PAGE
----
As an Agile Coach, I will foster a culture of continuous delivery.  My Coaching objectives with every CORE Agile team are always the same; deliver tested software every Sprint,  nurture the CORE Agile team maturity1, team morale, and team velocity.  I encourage transparency, create simple but effective visuals that provide instant sprint status, utilize all tools available and always demonstrate by participation.  In addition, I will decrease overall project costs by eliminating unnecessary work through relentless Product Backlog grooming while working alongside the Product Owner(s).

    CORE Agile Team Maturity:   The Agile Coach MUST identify, and then nurture the maturity of the CORE Agile team.  As an Agile Coach, I work on a short leash and with a sense of urgency while nurturing CORE Agile Team Maturity.  I actually maintain a “visual” of this activity by  highlighting the current maturity level of the team as a reminder to all of how we’re progressing.

    There are four phases of CORE Agile team maturity:

    Regardless if I’m training or coaching, I start with the CORE Agile team.  The CORE Agile team is a Shared Leadership Model, all team members (Scrum masters, Product Owners, and developers) have EQUAL contribution and therefore EQUAL accountability regardless of their role.

    Below are seven documents (my Magnificent seven) that I discuss at length with my students when training and with the CORE Agile team when coaching.  Once created these should only require minor tweaks along the way as the CORE Agile team matures.  Of course, the Sprint Commitment document (#5 below) is Sprint specific and is created and distributed to all project stakeholders for every Sprint.


    Sprint Zero –  identifies the rules, guidelines and all definitions specific to THIS CORE Agile team.
    Visual Boards –  establishes right out of the box the need for various “visual” boards to maintain.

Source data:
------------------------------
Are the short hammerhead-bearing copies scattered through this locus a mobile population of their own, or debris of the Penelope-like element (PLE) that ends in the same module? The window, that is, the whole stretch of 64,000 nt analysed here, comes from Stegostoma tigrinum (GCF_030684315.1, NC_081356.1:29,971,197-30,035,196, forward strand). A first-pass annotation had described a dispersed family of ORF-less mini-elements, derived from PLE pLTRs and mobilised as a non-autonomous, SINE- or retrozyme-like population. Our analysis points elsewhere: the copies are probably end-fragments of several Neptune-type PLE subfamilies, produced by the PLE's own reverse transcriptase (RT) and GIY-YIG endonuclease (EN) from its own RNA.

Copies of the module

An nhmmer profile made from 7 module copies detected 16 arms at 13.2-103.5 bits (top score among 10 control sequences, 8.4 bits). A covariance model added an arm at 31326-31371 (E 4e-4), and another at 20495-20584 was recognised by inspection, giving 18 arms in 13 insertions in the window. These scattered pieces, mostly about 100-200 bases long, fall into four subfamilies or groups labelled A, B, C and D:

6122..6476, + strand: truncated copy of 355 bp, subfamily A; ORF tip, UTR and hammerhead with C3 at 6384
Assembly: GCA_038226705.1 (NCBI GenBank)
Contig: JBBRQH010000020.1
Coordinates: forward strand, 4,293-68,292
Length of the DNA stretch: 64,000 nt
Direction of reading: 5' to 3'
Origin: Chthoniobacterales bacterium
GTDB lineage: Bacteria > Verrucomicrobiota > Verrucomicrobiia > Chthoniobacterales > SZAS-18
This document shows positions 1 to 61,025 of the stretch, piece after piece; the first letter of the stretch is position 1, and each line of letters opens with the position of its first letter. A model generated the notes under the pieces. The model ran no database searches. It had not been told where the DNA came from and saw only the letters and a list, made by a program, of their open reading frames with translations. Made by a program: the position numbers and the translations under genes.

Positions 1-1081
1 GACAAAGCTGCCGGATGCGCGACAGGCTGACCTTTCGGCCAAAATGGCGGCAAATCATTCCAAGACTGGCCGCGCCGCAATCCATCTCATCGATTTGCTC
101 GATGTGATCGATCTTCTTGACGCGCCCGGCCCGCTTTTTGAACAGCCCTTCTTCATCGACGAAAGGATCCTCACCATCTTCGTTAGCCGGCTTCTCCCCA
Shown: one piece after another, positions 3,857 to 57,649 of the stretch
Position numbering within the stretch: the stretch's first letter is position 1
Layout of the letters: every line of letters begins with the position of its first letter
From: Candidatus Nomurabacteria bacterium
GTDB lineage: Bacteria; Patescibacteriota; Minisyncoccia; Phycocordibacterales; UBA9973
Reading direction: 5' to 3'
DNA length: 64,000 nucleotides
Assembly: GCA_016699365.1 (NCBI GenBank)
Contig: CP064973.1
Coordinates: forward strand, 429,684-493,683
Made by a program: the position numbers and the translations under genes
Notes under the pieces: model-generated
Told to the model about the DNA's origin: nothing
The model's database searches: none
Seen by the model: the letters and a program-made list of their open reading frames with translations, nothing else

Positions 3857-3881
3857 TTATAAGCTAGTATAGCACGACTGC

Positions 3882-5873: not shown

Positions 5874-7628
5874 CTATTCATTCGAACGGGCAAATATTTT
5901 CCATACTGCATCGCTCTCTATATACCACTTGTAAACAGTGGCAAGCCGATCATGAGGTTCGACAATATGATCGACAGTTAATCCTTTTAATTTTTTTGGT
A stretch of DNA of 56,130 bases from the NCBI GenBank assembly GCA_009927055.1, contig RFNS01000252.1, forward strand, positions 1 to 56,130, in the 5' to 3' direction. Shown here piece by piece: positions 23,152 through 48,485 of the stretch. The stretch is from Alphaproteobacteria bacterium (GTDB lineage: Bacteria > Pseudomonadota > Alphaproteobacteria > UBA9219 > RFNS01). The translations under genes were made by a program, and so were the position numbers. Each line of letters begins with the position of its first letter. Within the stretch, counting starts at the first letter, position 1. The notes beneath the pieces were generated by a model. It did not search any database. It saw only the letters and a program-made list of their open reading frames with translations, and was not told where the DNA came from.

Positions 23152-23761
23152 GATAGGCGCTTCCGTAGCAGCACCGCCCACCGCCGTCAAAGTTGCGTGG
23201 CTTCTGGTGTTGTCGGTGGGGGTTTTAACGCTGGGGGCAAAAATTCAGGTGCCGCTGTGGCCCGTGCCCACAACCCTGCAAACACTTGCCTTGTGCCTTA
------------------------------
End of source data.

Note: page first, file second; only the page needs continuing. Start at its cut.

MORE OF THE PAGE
Checklists and Guidelines – Do’s and don’ts for each CORE team job description
    Red Flags – What to look out for (together).
    Sprint Commitment –  a contract to deliver the stories selected in the current Sprint.
    Retrospective Guidelines – identify improvement opportunities and how to implement.
    Meetings to conduct – CORE team takes ownership for the various recurring meetings.

    These seven documents help the CORE Agile team continuously deliver while maturing.  They’re designed specifically for the CORE Agile team and only for that reason.  Each document should be signed off by the entire CORE Agile team.  They should be filed as project artifacts which will also promote transparency, which in turn promotes trust….. and that’s priceless!

    For more on the four phases of CORE Agile team maturity or to receive a copy of each of the above (Magnificent Seven) documents:   the contents, the details, and the value,  simply email me (below).

    Shared Leadership is a faster, smarter and more efficient way to deliver efficient and continuous results that will hold up over time.  Practicing Agile methodologies promotes Shared Leadership.

    Our Companies need us now more than ever and I’m here to help!


    Do you have your certifications in Agile and Scrum?  Why not get it now!  For information on upcoming events and online class schedule click here.